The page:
A NEW LIVE test for BSE could be commercially available within 12 to 18 months, according to the company developing it.
Adrian Presbury, managing director of TSEnse Diagnostics, told FARMERS WEEKLY that while the test could currently be used on a small scale, it needed some further work on the analysis of results before it could be used on a larger scale.
“Currently the analysis of results needs, at the final stage, some human intervention. But we are working to develop a system whereby a computer can complete all the analysis.
“Once this is done, it should be a commercially viable proposition.”
The test, which detects differences in heart rate variability in infected animals, was developed after doctors at Manchester Royal Infirmary studied heart rate variability in vCJD patients.
Infected animals can be spotted six months before they display classical signs of the disease, explained its inventor Chris Pomfrett.
“Although in trials we did detect differences in one animal nearly 18 months before it showed any symptoms.”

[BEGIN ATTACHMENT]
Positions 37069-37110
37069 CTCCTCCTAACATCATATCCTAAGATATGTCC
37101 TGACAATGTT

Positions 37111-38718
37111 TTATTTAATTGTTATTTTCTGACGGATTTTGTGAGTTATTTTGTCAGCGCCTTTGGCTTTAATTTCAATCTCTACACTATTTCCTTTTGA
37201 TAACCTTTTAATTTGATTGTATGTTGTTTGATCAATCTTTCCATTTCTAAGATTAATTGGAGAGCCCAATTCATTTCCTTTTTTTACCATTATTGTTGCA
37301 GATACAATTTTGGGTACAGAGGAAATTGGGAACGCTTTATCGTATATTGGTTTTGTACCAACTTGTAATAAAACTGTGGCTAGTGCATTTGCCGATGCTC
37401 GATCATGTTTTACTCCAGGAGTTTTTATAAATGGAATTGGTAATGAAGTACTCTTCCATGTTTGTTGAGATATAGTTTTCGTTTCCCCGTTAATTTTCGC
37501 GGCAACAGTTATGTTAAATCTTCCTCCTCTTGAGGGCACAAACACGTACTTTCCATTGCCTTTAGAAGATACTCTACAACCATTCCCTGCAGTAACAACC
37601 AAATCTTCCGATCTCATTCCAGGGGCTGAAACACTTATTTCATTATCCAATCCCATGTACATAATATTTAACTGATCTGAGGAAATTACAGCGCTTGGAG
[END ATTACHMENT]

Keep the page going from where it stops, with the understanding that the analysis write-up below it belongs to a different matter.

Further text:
All the EU-validated post-mortem tests currently in use are only validated to detect the disease about one month before the animal develops symptoms, he added.
Completing the heart monitoring required by the test takes about five minutes and the reading is then analysed by a computer program, taking just a few seconds, with humans checking the final results, said Dr Pomfrett.
“Readings could be taken while animals are gathered for another purpose, such as hoof trimming, reducing the need to gather them specifically for the test.
The test appears unaffected by stress, as it measures the variability in the heart rate, rather than the pulse of the animal.”
The test should also be relatively cheap to undertake, with the heart monitoring stickers costing a few pence for each animal and the readings stored on the same memory format as digital cameras use.
While Mr Presbury was unable to give an exact cost for the test, he reckoned it would be significantly lower than the current post-mortem tests.
But the test may have a limited applicability in the UK, as the number of cases is declining year on year at a rate of about 40%, said National Beef Association chief executive Robert Forster.
Speeding up this decline by eliminating infected animals would be of little benefit, he reckoned.
“It‘s not really going to speed up the decline that much, what‘s the point?”
“However, it could benefit other countries, without the controls and traceability of the UK.”